On the one side are two men who espouse neo-liberal economics and whose careers are built on the politics of fear.
Mitt Romney agrees with nearly everything the Tea Party claims to espouse.
Meyerson is clearly perplexed by politicians who not only espouse principles but act according to them.
mid-15c., "to take as spouse, marry," from Old French espouser "marry, take in marriage, join in marriage" (11c., Modern French épouser), from Latin sponsare, past participle of spondere (see espousal).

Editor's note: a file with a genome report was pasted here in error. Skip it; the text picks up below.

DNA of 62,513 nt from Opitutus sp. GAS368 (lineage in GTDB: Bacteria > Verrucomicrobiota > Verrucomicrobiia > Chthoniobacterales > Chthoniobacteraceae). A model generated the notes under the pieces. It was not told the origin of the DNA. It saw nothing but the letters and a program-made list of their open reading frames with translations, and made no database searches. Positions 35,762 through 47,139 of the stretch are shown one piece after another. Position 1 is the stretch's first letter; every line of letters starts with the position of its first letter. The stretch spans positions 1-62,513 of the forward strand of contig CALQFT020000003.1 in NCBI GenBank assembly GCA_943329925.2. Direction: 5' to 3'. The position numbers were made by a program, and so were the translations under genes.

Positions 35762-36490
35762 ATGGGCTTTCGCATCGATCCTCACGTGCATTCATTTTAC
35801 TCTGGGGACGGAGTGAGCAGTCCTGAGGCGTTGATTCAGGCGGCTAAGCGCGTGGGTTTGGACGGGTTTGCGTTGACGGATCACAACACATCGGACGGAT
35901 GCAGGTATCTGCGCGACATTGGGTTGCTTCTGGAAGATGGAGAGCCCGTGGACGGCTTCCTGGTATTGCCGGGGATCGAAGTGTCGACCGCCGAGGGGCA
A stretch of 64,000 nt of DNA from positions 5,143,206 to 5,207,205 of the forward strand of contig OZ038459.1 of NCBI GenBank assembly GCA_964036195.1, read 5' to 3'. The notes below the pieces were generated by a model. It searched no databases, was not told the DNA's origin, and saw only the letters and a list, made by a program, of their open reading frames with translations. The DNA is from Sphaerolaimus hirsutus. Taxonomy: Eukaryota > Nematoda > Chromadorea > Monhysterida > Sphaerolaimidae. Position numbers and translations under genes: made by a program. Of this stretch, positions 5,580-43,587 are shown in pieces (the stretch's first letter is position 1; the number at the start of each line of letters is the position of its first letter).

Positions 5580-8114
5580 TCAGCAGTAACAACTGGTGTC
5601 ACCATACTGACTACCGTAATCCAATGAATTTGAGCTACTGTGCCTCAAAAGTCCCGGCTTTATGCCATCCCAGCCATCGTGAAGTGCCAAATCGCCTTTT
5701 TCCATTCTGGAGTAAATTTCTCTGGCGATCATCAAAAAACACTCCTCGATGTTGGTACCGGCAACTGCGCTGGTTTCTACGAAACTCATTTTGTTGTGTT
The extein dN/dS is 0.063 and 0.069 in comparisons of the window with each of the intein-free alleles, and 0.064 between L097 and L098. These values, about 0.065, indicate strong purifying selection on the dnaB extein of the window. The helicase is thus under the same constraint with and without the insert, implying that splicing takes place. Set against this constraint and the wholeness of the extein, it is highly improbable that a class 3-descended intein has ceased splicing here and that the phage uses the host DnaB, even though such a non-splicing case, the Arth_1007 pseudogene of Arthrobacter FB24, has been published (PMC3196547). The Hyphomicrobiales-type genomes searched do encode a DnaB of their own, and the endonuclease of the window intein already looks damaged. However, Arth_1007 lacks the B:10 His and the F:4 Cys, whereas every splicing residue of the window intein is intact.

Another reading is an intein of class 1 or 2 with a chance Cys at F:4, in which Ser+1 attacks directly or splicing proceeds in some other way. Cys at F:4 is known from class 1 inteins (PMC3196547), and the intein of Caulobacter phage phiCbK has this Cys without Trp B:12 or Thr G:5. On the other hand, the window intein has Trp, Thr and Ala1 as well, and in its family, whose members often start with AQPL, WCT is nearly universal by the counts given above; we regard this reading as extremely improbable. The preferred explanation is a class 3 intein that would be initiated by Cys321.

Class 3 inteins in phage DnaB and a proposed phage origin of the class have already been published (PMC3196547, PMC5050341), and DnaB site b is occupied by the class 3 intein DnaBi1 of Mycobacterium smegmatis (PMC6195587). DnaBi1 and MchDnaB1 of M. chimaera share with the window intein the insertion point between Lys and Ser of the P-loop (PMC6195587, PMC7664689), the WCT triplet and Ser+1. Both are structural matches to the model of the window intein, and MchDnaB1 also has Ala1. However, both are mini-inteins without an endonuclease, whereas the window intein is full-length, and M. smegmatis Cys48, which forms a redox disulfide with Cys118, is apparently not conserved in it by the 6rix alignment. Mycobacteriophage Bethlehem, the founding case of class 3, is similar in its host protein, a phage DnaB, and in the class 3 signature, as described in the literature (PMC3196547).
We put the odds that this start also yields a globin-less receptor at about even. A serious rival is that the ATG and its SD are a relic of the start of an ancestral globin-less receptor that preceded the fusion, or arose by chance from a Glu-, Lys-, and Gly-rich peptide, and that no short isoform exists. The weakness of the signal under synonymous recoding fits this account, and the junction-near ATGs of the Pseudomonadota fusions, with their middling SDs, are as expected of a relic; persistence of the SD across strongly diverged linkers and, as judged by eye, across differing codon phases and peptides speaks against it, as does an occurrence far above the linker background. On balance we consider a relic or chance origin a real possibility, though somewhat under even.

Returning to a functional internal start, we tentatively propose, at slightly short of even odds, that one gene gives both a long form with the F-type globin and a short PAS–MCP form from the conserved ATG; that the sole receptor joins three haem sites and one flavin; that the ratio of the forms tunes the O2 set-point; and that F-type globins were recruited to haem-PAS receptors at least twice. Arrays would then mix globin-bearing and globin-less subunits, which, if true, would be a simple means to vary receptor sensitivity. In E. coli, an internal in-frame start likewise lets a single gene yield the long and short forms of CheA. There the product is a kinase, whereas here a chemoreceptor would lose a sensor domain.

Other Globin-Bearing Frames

Extended sense of "adopt, embrace" a cause, party, etc., is from 1620s. Related: Espoused; espouses; espousing. For initial e-, see especial.
(2 Sam. 3:14), to betroth. The espousal was a ceremony of betrothing, a formal agreement between the parties then coming under obligation for the purpose of marriage. Espousals are in the East frequently contracted years before the marriage is celebrated. It is referred to as figuratively illustrating the relations between God and his people (Jer. 2:2; Matt. 1:18; 2 Cor. 11:2). (See BETROTH.)